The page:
After about three to six weeks, some breastfed babies will only poo once every few days (NHS 2018a, Chertoff and Gill 2018) or once a week (Cherney and Gill 2018). This is not a problem as long as your baby's poos are soft and are passed easily (NHS 2018a).

Will formula-feeding affect my baby's poos?

If you're formula-feeding your baby, her poos may be different from a breastfed baby's (Cherney and Gill 2018, NCT nd,a, NHS 2018a). You may notice they are:

  • Firmer in texture (Cherney and Gill 2018, NCT nd,a, NHS 2018a), often a bit like peanut butter (Rucoba and Gill 2016) or paste (NHS 2018a).
  • Darker in colour, often tan or light brown (Cherney and Gill 2018, NHS 2018a). Some types of formula can also cause dark green poo (NHS 2018a). If your baby seems otherwise well, this is nothing to worry about (NHS 2018a, Rucoba and Gill 2016).
  • Strong-smelling, more like an adult's (NHS 2018a).

Your baby may poo up to five times a day in the early weeks (NHS 2018a). After a month or two, she may go once a day (NHS 2018a).

Will my baby's poos change if I switch from breastmilk to formula milk?

Yes, they will. You may notice that your baby's poos become darker and more paste-like (NHS 2018a). They will also be smellier (NHS 2018a)!

While you're making the change from breastmilk to formula, try to do it slowly (NHS 2016a), ideally over a period of at least several weeks (LLLGB 2016). This will give your baby's digestive system time to adapt (NHS 2016a). It will also reduce the risk of painful, swollen breasts and mastitis for you (LLLGB 2016).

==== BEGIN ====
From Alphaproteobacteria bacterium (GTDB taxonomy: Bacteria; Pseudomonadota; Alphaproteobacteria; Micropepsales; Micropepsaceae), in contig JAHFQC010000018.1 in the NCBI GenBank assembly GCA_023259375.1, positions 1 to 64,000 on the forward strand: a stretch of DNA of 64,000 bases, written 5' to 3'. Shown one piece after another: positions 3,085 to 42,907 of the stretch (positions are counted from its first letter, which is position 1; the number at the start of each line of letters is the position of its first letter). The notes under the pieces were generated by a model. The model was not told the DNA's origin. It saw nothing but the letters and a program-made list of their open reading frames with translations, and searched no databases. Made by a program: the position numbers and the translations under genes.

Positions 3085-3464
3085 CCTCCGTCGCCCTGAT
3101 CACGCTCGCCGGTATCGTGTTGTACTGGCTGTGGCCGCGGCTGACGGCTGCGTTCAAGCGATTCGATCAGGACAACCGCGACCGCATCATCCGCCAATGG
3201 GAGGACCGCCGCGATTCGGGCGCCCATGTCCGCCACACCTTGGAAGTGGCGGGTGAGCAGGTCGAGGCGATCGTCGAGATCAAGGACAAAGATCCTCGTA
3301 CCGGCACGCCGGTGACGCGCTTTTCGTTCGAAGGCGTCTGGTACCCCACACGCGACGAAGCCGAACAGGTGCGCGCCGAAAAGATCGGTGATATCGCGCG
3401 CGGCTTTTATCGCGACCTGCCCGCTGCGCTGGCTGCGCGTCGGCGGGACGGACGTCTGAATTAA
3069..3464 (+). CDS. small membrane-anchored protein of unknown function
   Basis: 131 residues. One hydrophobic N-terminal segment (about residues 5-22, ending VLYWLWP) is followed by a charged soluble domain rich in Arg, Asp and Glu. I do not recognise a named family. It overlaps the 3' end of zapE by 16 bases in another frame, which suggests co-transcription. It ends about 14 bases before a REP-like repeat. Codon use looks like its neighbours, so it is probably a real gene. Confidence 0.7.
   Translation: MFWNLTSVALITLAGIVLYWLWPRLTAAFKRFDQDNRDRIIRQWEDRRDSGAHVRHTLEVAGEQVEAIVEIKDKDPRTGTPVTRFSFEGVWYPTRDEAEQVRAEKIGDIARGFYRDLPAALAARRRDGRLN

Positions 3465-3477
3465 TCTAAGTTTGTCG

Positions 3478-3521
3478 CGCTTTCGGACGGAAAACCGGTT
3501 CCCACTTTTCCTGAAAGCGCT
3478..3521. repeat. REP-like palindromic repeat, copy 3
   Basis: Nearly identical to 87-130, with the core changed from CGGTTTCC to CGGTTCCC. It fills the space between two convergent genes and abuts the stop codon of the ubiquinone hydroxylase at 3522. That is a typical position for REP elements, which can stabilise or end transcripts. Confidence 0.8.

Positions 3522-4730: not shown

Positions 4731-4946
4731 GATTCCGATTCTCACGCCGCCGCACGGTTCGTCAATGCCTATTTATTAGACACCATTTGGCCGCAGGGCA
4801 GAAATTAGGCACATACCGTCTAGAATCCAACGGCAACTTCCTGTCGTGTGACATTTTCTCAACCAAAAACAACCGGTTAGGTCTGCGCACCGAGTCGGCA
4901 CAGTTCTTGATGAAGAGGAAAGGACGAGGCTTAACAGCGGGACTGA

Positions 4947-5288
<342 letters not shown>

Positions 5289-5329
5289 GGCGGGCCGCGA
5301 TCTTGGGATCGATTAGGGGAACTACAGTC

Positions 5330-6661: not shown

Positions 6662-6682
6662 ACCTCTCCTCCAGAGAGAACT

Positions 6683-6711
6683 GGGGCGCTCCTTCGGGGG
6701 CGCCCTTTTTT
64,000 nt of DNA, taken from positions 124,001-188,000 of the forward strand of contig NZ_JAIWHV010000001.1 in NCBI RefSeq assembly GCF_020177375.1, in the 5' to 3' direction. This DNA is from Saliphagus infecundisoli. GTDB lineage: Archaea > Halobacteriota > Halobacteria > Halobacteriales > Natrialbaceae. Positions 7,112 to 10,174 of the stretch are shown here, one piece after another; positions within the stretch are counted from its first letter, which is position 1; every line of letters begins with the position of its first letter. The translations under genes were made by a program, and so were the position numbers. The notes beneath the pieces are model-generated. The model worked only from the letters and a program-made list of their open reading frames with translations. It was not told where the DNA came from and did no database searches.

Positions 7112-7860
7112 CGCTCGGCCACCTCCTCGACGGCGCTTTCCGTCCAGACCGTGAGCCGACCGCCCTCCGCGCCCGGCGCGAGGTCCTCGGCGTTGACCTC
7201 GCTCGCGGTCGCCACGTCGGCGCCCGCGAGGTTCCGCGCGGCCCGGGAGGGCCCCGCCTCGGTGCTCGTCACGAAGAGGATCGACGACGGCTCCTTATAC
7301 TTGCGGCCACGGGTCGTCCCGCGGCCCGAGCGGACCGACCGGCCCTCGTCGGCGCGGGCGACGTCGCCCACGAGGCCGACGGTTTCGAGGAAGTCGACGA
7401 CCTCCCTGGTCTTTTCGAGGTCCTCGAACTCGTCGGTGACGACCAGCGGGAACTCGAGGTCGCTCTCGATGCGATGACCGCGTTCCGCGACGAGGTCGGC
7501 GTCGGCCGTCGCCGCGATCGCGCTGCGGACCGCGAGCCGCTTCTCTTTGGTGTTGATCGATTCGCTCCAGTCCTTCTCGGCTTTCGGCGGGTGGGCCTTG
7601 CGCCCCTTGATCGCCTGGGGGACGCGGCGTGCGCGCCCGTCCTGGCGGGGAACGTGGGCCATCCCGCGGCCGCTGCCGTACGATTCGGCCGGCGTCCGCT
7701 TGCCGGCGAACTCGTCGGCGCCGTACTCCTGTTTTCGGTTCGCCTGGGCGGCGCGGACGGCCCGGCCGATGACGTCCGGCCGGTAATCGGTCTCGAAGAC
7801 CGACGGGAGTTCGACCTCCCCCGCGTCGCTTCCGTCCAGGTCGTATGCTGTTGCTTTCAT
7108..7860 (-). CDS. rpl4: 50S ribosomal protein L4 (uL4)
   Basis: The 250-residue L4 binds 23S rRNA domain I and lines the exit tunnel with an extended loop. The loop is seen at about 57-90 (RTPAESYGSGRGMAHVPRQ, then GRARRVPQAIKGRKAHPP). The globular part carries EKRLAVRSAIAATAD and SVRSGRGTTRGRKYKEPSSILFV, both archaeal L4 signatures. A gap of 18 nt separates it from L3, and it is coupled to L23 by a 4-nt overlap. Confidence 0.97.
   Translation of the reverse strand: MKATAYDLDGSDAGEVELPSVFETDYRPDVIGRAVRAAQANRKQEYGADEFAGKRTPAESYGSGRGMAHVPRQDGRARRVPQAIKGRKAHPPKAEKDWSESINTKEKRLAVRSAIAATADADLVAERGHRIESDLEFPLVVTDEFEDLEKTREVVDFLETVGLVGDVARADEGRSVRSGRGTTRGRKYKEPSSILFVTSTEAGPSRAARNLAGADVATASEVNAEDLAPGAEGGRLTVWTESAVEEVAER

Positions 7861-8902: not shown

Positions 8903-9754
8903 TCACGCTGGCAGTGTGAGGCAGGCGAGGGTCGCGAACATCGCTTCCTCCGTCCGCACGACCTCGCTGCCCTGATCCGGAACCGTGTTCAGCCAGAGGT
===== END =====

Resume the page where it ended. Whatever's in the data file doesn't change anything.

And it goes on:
Once your baby has adapted to the bottle, she may settle down into a completely different pooing routine.

What will my baby's poos be like when she starts solids?

Once your baby's eating solid foods, you'll probably find that her poos are affected by what she eats. If you feed her pureed carrot, the contents of her next nappy may be bright orange. And be prepared for a fright after her first taste of beetroot (Cherney and Gill 2018)!

You may find that some hard-to-digest foods, such as raisins, sweetcorn or beans, pass straight through your baby and end up in her nappy (Cherney and Gill 2018). This will probably change when she gets older and her digestive system matures.

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As she moves on to a wide variety of foods, your baby's poos will become thicker, darker, and a lot more smelly (Cherney and Gill 2018).